The F-35 Stealth Fighter: The Ultimate Weapon or the Ultimate Bust?
However history ultimately judges the F-35 Lightning II, Lockheed’s stealthy aircraft will surely be described as one of the most hotly debated designs ever.
The U.S. Air Force, hoping to declare its version of the “fifth generation” fighter jet ready for by the end of 2016, has launched a new P.R. blitz to show critics that the planes are every bit as good as it says.
In June, the flying branch sent seven F-35As and more than 180 airmen from Hill Air Force Base in Utah to Mountain Home Air Force Base in neighboring Idaho. The practice session was to test how well the crews prepared for combat in an actual war zone.
“By any measure, the aircraft did well,” Air Force Col. David Lyons, the head of Hill’s 388th Fighter Wing said after the exercise ended.
“Since the aircraft’s arrival last fall there have been too many milestones to count and we’re making great progress,” said Air Force Lt. Col. George Watkins, the commanding officer of the 34th Fighter Squadron.
To highlight these achievements, the Air Force released an infographic touting a number of specific details.
At Mountain Home, the high-tech jets flew every planned mission, did not lose a single mock fight against older jets and successfully hit more than 90 percent of targets on the ground with laser-guided bombs.
These figures stood in stark contrast to a damning report the Pentagon released four months earlier. In a nearly 50-page review, the Pentagon’s top weapons tester described a laundry list of serious problems with the jets ranging from software to the aircraft’s design.
On top of that, the statistics challenged the narrative that the new jets cannot win in air-to-air combat against even more dated aircraft. In June 2015, War Is Boring published a leaked report that described the F-35 as less agile than an overburdened two-seat F-16D trainer.
We were skeptical of the claims made in the infographic, so the Air Force’s top warfighting command invited us to send any questions we might have about the missions at Mountain Home.
Here’s what we know and what we still don’t.
Data point #1: “88/88 Sorties Flown”:
One of the F-35’s biggest problems has been a revolutionary computer “brain” that is supposed to handle everything from where potential threats are on the battlefield to when worn-out parts are about to break.
Bugs in the millions of lines of software code could effectively lock crews of their own planes. The glitches have often forced F-35 pilots to reboot their radars while in the air.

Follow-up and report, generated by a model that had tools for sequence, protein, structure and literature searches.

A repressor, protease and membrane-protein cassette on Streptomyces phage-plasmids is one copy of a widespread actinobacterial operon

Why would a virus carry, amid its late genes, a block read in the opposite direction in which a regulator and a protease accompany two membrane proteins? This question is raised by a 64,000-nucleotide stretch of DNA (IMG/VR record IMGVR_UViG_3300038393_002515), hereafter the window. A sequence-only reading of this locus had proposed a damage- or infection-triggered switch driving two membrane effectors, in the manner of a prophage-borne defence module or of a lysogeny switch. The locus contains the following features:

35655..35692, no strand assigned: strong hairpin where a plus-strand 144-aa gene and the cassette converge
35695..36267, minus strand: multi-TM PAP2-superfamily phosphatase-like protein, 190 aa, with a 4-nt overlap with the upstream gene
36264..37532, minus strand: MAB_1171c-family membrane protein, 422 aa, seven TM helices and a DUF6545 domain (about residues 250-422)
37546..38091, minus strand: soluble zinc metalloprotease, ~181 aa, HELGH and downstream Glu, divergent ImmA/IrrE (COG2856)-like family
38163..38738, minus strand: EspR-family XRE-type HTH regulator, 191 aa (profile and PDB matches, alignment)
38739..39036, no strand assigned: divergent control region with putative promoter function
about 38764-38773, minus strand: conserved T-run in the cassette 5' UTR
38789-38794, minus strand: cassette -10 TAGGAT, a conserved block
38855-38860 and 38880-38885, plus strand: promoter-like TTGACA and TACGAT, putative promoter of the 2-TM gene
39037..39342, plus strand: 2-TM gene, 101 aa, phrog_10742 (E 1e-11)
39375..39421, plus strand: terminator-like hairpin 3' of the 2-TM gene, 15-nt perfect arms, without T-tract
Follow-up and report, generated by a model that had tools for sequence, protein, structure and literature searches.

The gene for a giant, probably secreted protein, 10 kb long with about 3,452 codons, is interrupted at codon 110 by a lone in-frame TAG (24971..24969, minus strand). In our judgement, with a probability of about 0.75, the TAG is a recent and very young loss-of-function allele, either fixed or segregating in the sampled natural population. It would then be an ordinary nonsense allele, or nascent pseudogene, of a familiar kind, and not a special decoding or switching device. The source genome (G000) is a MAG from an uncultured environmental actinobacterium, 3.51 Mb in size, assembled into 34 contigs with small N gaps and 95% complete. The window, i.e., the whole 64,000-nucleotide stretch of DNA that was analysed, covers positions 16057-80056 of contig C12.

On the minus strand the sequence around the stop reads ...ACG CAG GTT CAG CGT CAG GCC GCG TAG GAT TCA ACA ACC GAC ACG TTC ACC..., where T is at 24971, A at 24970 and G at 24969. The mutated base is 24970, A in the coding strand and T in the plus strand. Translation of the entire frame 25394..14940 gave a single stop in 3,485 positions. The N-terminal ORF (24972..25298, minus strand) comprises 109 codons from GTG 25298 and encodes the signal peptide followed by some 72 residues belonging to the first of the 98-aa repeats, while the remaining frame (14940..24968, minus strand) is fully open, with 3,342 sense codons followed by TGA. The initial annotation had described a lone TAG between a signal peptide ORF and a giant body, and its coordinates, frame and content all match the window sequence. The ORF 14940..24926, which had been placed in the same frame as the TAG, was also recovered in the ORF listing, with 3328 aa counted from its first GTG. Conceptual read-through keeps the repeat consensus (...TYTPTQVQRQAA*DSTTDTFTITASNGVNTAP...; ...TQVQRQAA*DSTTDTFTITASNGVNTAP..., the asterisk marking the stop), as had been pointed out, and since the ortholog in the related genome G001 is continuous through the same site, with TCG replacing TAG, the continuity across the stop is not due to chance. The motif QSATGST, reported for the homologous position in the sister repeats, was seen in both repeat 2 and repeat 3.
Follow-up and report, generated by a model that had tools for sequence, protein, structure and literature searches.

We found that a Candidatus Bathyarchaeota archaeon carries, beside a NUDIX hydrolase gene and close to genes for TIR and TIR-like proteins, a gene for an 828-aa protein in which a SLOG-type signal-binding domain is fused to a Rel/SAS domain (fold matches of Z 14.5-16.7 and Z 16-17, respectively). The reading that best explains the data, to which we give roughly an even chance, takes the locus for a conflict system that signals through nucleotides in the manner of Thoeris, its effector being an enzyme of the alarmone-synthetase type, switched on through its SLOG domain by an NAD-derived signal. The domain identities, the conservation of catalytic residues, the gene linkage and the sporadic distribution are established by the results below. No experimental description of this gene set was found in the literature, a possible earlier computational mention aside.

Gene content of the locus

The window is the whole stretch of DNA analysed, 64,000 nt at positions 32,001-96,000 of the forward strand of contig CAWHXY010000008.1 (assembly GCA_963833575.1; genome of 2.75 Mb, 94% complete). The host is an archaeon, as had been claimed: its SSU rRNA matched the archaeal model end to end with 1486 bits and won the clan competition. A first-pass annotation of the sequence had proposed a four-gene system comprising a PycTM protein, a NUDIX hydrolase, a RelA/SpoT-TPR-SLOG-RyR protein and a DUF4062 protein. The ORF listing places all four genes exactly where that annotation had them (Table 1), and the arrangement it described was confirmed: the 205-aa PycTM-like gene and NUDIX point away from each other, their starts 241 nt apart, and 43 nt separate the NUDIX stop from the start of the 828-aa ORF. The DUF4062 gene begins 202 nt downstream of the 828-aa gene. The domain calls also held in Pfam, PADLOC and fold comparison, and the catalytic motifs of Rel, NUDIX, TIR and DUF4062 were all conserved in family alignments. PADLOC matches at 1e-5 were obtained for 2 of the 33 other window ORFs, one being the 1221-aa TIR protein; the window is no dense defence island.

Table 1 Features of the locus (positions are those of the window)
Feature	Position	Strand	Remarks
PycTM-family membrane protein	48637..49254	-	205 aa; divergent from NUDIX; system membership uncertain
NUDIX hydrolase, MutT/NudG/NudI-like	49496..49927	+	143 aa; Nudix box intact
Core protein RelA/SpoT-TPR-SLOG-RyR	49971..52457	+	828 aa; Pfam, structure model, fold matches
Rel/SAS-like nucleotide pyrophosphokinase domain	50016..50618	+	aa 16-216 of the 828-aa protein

According to the Air Force, flying every planned mission without any hiccups is proof that the computer program is finally stable. The practice flights included missions against simulated enemy aircraft and air defenses, as well as targets on the ground.
“Software issues that have affected … previous deployment exercises simply did not exist,” Benjamin Newell, a public affairs official at Air Combat Command, told War Is Boring in an email. “There were zero aborts.”
We don’t know whether any new software issues cropped up during the test flights. If so, they did not delay or otherwise impact any flights. “I’m sure it’s possible that one line Airman may have encountered and repaired one minor software glitch during the deployment exercise,” Newell acknowledged.
But in two cases, pilots had to use alternate jets after “mechanical” trouble sidelined their primary planes. A battery in one of the F-35s failed, while the navigation system failed in another. The problems were “innocuous” and “common on fourth-generation platforms,” according to Newell.
It is true that no matter how reliable F-35 is or becomes in the future, things will still break from time to time. That’s inevitable for every aircraft.
However, during the F-35's trip to Mountain Home, maintenance crews sometimes only had four aircraft ready to go on any given day, according to a June 17 email Lyons sent to Air Combat Command chief Gen. Herbert Carlisle. Censors redacted Lyons name, but left in “Commander 388 FW” in the signature line.
On average, the 34th managed to fly one mission per aircraft per day during the deployment.
In addition to Air Force personnel, Lockheed Martin company reps were present to help fiddle with the software and lend a hand if any problems arose. “They … provided timely spare parts when needed,” Lyons noted.